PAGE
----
NHS Dumfries and Galloway have joined forces with our Dumfries Campus colleagues to host an event to raise awareness of dementia and the challenges faced by people living with the condition. This event is part of a wide training programme sponsored by the Scottish Government to support health boards to implement Commitment 11 of Scotland’s Dementia Strategy – to ensure quality and excellence in specialist dementia care.
On Monday 15 February people have been invited to come along to the family room at Midpark Hospital Cafe and family room to learn about some of the changes in movement, thinking and senses that some people may develop during a dementia-causing illness.
Visitors will be able to wear special clothes, glasses and headsets that simulate the experiences people with dementia can have. This will give participants an insight into the day to day challenges they can face. Border TV are also speaking to staff at Midpark Hospital today and our own Anna Waugh as you can see. Watch tonight’s news at 6.30pm to find out more.
Lorraine Haining, a specialist nurse practitioner and member of the award winning Interventions for Dementia: Education, Assessment and Support (IDEAS) team. She said: “Dementia is a complex condition and people can develop a number of sensory changes. They may also have physical symptoms due to illness or normal ageing. Understanding the range and complexity of experiences of dementia and providing appropriate support and reassurance can help people living with dementia feel safe. We organised this event to raise awareness of dementia and the kind of common symptoms people experience.”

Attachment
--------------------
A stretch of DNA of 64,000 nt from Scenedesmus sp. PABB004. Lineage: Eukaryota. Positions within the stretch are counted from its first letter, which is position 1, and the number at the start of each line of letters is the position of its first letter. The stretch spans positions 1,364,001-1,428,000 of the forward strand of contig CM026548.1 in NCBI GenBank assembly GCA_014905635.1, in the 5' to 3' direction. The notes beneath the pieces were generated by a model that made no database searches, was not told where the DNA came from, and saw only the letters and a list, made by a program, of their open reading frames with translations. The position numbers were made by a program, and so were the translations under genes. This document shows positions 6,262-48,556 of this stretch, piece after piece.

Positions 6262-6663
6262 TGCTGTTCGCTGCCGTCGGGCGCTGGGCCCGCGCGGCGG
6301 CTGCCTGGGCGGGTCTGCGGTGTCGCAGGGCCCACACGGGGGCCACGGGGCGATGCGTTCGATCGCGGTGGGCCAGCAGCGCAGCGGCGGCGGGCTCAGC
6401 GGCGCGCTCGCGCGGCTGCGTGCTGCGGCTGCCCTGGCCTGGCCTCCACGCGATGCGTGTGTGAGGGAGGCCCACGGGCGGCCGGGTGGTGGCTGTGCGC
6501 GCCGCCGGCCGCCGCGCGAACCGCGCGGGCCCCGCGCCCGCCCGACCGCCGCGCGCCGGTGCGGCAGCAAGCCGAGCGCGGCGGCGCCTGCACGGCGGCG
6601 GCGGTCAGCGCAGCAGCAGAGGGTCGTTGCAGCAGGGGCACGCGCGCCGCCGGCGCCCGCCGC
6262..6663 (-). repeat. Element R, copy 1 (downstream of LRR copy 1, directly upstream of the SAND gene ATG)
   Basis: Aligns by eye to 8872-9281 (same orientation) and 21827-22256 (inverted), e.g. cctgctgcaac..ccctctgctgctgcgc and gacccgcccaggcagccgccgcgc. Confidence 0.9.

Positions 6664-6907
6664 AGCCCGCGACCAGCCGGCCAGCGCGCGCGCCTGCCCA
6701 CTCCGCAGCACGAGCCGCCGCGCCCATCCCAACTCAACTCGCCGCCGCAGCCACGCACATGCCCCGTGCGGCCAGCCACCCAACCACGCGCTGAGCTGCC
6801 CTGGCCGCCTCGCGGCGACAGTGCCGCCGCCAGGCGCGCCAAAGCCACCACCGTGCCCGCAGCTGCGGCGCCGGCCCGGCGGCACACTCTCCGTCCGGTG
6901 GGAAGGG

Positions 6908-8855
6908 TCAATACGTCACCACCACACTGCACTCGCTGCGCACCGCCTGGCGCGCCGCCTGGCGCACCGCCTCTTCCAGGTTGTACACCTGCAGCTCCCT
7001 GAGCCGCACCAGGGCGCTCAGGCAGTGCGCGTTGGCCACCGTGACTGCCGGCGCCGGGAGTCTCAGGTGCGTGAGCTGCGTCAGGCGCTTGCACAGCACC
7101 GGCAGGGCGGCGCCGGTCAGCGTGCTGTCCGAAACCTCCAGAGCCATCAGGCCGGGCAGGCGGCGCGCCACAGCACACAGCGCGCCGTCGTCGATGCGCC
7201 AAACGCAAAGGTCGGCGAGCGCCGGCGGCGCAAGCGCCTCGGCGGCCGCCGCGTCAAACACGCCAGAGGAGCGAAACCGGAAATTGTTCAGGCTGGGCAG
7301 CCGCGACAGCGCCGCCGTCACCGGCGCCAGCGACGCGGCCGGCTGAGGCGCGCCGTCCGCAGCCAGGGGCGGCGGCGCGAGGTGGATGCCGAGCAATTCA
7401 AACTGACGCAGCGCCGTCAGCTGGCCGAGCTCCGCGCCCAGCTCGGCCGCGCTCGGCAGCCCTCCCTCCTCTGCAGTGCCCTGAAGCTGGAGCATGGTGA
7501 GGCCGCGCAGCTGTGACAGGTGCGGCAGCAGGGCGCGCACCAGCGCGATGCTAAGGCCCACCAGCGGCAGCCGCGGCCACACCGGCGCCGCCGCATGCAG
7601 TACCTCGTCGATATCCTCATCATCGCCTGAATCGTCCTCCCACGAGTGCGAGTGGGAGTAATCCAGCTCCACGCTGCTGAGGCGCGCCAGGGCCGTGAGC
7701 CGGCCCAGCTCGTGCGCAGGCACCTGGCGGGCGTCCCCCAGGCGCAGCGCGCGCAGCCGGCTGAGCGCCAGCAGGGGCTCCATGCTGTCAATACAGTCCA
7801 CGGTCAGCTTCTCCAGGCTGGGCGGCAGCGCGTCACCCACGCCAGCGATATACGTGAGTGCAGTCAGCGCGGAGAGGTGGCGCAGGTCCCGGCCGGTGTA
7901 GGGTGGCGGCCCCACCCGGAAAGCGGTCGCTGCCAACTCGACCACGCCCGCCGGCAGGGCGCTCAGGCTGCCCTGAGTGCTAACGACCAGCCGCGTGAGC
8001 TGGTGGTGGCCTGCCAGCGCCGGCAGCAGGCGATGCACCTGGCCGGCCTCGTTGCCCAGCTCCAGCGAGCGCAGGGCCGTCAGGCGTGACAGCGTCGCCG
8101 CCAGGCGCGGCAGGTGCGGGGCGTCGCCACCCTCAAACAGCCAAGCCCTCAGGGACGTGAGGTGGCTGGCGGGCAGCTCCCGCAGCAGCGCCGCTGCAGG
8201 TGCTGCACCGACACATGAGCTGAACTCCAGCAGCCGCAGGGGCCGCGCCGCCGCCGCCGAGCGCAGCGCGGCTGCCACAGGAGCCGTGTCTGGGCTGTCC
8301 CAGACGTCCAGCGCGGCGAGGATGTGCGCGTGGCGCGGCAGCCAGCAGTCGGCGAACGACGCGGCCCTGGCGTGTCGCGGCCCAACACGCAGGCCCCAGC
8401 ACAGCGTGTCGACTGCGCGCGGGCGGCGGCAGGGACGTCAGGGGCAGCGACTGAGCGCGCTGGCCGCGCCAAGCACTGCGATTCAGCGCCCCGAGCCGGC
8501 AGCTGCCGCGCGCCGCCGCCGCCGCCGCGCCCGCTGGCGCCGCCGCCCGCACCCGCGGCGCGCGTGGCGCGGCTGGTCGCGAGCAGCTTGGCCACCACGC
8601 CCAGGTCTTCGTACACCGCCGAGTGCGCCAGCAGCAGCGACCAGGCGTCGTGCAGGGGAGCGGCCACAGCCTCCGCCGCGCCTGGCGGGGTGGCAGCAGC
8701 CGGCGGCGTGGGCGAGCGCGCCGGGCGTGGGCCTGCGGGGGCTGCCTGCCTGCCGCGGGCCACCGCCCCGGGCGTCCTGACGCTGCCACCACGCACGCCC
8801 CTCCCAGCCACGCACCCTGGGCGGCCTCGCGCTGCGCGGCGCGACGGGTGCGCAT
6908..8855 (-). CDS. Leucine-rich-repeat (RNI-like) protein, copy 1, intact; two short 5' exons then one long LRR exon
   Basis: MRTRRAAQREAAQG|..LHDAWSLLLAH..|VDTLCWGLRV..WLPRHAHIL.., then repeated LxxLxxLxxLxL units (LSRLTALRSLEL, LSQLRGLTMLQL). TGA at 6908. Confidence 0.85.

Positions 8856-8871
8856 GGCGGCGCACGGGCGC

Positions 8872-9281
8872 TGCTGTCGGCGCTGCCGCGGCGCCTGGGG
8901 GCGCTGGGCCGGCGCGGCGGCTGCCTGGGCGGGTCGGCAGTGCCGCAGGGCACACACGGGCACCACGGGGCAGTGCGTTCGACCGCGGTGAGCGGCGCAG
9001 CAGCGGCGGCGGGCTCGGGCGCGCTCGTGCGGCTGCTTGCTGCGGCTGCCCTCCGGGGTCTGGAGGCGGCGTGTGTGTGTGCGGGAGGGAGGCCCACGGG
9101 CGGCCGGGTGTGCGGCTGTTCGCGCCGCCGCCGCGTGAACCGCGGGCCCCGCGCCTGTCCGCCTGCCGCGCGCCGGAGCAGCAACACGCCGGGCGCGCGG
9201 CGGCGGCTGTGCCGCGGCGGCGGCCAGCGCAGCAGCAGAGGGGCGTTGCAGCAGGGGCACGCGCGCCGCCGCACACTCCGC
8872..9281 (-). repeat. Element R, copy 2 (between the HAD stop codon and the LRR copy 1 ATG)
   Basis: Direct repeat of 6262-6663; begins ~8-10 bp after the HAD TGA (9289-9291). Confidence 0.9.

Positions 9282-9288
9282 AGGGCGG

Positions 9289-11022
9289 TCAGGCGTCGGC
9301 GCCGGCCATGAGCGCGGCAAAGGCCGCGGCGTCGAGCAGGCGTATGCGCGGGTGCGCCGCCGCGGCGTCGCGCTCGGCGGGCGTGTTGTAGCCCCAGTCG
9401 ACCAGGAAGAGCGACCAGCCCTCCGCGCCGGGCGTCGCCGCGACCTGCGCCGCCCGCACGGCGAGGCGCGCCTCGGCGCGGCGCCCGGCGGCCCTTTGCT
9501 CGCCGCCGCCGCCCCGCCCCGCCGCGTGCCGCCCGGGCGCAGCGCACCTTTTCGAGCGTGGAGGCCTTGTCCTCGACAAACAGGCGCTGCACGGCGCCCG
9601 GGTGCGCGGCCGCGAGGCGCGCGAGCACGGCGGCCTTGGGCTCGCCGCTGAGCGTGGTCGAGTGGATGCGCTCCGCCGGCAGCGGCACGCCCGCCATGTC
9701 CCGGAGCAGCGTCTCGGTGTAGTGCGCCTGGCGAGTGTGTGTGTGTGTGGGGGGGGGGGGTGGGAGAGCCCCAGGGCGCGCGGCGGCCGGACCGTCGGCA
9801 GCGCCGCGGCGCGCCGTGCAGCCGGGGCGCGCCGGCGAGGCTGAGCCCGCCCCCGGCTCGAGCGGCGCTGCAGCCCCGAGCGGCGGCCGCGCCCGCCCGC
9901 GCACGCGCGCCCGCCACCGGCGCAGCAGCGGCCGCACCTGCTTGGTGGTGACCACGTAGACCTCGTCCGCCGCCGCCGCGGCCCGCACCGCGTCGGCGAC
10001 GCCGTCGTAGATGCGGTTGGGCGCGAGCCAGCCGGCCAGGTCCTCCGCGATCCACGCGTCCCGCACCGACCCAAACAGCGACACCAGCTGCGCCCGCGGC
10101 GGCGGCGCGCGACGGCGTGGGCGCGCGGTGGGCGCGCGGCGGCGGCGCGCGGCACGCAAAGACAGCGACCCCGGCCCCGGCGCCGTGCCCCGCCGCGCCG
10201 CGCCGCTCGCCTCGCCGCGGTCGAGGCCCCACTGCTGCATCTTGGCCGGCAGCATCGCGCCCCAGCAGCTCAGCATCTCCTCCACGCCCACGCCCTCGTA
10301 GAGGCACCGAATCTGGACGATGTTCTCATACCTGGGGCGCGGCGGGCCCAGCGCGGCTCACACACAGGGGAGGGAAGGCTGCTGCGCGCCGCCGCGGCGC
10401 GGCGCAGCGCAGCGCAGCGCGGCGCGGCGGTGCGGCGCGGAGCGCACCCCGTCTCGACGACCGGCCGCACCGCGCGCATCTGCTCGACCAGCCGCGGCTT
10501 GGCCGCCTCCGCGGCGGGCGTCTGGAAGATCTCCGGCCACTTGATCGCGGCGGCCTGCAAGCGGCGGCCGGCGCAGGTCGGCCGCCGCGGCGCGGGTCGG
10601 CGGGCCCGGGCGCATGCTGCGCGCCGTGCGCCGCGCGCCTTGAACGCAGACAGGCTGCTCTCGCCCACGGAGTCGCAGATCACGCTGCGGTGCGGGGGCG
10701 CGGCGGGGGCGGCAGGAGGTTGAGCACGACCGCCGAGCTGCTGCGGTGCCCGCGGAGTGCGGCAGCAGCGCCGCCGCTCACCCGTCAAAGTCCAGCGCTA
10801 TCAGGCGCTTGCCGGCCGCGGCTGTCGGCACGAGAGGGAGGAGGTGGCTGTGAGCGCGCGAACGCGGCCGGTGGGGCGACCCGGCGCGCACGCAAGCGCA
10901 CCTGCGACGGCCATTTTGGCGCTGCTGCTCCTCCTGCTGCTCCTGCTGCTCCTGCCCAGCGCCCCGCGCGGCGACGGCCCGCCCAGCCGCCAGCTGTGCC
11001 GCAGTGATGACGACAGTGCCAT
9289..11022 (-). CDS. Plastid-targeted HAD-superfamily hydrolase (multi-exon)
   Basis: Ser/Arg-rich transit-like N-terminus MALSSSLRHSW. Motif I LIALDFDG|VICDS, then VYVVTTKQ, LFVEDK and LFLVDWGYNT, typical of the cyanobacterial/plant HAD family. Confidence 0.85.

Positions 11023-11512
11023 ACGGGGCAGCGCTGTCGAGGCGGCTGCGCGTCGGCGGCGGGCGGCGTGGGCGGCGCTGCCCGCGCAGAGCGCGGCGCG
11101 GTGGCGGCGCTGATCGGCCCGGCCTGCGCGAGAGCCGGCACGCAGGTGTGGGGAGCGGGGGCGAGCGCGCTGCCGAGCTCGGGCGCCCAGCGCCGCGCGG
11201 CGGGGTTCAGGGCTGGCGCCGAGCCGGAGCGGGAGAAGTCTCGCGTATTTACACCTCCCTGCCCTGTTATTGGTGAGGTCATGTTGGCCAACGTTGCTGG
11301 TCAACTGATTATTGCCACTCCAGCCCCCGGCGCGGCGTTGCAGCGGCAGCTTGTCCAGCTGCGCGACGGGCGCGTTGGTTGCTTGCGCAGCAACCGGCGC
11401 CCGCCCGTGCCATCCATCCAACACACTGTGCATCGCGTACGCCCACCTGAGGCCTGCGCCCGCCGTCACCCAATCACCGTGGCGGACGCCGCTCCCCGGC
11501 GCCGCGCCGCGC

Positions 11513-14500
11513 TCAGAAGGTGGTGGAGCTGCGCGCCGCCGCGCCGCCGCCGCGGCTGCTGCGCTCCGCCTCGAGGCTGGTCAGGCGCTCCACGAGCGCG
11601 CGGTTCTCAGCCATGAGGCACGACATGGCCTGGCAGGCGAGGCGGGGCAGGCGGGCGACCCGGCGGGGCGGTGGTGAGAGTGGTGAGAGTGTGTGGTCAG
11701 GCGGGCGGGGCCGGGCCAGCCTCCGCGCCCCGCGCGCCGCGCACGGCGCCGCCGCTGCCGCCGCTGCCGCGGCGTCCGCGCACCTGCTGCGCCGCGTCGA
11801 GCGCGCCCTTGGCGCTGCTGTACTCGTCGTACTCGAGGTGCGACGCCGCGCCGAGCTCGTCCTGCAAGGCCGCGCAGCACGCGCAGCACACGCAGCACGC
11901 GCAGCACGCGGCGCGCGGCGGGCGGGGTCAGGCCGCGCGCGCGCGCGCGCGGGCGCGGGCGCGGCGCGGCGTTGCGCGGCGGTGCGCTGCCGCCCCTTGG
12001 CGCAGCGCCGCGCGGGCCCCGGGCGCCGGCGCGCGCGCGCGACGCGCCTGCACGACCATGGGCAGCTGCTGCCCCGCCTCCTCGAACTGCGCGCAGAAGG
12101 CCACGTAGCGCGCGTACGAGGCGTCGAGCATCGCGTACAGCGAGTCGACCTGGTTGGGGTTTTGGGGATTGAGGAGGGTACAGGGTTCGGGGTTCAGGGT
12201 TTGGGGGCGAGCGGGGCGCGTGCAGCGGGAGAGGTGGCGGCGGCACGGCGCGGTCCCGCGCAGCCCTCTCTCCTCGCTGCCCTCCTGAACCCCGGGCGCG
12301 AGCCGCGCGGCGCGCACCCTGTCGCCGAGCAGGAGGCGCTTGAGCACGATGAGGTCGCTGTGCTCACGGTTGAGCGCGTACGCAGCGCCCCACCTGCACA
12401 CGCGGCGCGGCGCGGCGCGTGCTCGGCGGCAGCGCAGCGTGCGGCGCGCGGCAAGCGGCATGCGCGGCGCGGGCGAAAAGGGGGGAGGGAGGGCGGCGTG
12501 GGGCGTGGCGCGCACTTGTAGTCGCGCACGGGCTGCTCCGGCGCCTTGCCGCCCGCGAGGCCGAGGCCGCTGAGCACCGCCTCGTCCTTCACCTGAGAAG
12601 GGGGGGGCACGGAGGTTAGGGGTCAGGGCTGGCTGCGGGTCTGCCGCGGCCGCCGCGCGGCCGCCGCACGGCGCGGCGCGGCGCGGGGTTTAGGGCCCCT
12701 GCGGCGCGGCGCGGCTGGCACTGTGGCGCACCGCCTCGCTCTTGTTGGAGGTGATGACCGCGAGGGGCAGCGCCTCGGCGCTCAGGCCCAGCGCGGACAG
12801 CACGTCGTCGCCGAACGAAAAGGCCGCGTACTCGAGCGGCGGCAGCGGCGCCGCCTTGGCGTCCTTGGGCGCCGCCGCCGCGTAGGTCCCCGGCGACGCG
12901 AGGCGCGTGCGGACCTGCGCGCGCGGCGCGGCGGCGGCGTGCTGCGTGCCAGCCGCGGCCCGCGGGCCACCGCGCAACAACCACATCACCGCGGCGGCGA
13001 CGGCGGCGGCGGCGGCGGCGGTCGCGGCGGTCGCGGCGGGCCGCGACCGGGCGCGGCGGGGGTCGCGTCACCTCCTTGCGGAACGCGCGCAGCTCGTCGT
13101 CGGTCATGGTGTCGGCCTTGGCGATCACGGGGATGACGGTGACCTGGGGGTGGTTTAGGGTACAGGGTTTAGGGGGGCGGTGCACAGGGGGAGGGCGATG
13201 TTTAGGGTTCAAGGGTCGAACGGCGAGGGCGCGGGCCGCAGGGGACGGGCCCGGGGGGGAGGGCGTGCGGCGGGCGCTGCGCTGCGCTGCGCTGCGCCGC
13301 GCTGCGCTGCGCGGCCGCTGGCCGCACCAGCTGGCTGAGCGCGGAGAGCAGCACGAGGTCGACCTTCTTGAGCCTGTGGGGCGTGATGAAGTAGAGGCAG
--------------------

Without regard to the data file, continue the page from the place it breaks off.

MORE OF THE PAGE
Anna Lecturer from the School of Health, Nursing and Midwifery Mental Health Team said: “The impact of dementia is unique to each person and depends very much on the type of dementia they are dealing with, their life experiences and support networks they have. When the focus is on memory and orientation, other sensory and physical challenges can be missed. This event is designed to encourage participants to apply their knowledge of physical health and sensory challenges when they are caring for a person with dementia.”
This initiative builds on the partnership between NHS Dumfries and Galloway and UWS which saw the development of Scotland’s National Dementia Champions. Health boards and Council’s across Scotland now have their own National Dementia Champions who have all attended their study programmes hosted by our school.